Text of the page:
The Ship Be Sinking

Mouth Almighty

Lakers 106, Nets 87: How Low Can It Sink? Sky’s The Limit

I believe Michael Ray Richardson was a Knick when he provided our titular quote, but he was a Net too for a while and it’s the Jersey side of the local equation to which his wisdom best applies these days. This loss sucked of course; as an individual game it was the ordinary sort of suck, given importance beyond that only by virtue of being 17th in a line of such games and thus a record-equaling performance in its badness, if not quite unique. In its specifics it stands out only as being the sort of loss which happens to teams which have given up: despite the firing of their long-time coach earlier in the day the Nets came out flat and scored a grand total of 12 points in the first quarter- which ended with them down by 15- and never made a game of it thereafter. The deficit was 30 and change at various points; Adam Morrison, one of the worst players in the league, was on court for the Lakers by the third quarter and the game was more or less a garbage-time joke before halftime. As a contest there’s not much more to say about it on its own.

All I can add is this: Frank had to go, but replacing him with Kiki or a no-name is a major, major risk. With perhaps a few honorable exceptions this Nets team has given up; they have the talent to win, say, 20 games this season, but they do not have the talent to get away with half-assing even one game if they expect to reach even that modest goal. Put another way, if the Nets bring in the coaching equivalent of a substitute teacher who runs the same dysfunctional offense and never builds the rapport with the players to get them to give a real effort, we could be looking at a 15 wins or fewer outfit. This is now, officially, not just a bad team but a historically bad team; and unlike most bad teams where you can pretty much guess the range their final record will fall in, it’s very difficult to determine what the floor is for the 2009-2010 NJ Nets. Having seen the early 90’s Mavericks which I contend were the worst teams to come after the 72-73 Sixers, I can’t say this Nets team is worse; I also can’t definitively say they’re better. If anything they’ve deteriorated as the season has gone along, and the longer this streak continues the more of the season it’s going to chew up with low confidence, sloppy play, bad habits, apathy and other issues which make it hard for the Nets to even give a reasonable effort. This team is looking into the abyss right now, and the longer they gaze the harder it’s going to be to back away from it.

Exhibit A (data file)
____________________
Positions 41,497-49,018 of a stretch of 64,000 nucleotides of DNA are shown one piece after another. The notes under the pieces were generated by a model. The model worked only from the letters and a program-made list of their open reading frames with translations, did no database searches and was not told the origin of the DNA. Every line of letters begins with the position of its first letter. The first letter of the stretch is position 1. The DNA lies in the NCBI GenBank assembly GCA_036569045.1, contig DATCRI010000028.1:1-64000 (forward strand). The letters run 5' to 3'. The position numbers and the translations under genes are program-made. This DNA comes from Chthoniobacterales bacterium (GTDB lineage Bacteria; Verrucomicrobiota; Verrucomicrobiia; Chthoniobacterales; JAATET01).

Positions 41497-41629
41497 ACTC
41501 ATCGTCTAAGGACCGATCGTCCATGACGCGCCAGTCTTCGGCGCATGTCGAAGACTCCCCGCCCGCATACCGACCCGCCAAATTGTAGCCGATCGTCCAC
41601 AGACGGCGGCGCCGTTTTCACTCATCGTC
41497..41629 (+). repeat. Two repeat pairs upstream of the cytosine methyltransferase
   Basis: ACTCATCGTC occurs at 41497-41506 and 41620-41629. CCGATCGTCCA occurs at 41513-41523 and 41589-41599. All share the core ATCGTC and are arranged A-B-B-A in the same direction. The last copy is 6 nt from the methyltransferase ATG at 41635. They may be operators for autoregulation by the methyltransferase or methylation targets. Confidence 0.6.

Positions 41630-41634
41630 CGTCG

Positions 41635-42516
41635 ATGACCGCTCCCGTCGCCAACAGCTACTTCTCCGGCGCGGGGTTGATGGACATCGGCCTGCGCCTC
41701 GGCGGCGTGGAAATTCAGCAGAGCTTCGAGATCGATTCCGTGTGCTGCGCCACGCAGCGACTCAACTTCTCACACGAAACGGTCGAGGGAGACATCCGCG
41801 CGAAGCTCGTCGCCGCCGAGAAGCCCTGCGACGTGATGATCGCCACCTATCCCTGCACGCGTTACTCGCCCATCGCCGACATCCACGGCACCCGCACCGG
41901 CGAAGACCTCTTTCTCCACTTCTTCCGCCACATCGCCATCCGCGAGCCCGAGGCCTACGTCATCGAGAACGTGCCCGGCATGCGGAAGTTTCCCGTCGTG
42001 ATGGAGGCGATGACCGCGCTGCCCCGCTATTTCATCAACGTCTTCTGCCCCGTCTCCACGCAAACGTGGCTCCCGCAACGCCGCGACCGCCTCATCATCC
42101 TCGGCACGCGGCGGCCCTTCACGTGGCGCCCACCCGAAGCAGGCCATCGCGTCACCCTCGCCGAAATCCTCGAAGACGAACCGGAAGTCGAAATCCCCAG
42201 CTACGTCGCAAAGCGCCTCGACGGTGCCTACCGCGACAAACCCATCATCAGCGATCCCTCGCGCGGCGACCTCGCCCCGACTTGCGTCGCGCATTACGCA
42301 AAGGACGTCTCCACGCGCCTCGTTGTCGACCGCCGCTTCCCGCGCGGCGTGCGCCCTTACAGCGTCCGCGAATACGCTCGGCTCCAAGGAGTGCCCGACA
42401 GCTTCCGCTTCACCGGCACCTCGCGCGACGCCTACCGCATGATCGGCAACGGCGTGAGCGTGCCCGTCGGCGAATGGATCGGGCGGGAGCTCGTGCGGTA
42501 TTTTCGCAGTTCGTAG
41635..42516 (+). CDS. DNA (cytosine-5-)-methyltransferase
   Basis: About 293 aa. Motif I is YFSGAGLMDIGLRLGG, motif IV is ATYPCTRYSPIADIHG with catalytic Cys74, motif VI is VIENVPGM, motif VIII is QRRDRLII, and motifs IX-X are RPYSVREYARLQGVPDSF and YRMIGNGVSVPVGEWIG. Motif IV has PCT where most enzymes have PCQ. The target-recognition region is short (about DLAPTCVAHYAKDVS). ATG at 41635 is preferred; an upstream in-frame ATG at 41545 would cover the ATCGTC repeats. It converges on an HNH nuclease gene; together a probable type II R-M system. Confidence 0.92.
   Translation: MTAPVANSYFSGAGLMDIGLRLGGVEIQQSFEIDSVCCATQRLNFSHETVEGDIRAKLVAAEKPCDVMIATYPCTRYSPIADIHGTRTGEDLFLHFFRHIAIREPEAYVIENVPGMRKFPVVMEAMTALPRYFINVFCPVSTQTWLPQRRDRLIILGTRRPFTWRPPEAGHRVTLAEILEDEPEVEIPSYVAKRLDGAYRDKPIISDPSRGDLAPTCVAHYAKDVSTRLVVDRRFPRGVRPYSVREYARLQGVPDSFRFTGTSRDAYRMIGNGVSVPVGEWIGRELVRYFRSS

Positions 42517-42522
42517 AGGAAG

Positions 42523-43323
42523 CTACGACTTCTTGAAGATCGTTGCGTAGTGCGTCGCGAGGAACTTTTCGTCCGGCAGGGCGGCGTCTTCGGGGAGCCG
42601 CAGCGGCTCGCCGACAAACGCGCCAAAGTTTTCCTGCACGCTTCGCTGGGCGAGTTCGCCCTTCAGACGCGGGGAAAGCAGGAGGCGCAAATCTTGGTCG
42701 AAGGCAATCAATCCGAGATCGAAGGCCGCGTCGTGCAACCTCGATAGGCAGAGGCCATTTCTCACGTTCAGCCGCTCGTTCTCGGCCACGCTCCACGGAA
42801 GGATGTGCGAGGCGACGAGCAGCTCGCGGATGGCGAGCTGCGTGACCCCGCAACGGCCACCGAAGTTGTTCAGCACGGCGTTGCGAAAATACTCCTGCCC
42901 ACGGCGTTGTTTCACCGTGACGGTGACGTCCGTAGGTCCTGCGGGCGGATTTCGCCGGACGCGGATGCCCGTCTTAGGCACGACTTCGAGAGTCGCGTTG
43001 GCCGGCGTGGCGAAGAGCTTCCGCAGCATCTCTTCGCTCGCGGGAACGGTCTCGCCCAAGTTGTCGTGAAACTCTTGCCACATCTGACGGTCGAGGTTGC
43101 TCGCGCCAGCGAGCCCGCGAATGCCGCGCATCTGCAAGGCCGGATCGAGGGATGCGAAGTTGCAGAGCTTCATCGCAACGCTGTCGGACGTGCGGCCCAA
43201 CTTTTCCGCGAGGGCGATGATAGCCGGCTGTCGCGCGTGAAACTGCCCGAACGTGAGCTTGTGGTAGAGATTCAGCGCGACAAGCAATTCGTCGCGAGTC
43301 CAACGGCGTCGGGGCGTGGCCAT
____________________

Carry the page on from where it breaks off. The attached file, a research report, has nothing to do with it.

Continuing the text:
EDIT: Side note on Lawrence Frank-

I’ve never been a fan as a coach at the NBA level, yet it’s unquestionable that the man always gave his best effort and conducted himself with dignity and respect for the team, his players and the game. I wish him well. I fully expect that he’ll be an outstanding college coach at some point. He’s usually been excellent at getting players to play well at the fundamental level, to pay attention to detail, to give forth a solid professional effort. Where he lacks is the tendency of his teams to run atrociously bad offenses in the half court; you get the sense that Frank runs very conventional schemes a lot of the time and doesn’t take advantages of mismatches, the opportunities afforded by extraordinary athleticism, the ins and outs of NBA officiating, or his own players’ idiosyncrasies. Everything is very standard, cookie-cutter, basic; the sort of things which, correctly executed, are winning plays in college but at the pro level are overwhelmed by the speed of the game and the greater skill and experience of the players. This does not make him a bad coach, per se; but it does seem to make him one not ideally suited to the situation in which he’s found himself in recent years. This was the best time to part ways for both parties, I think.

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November 30, 2009 - Posted by | The Nets |

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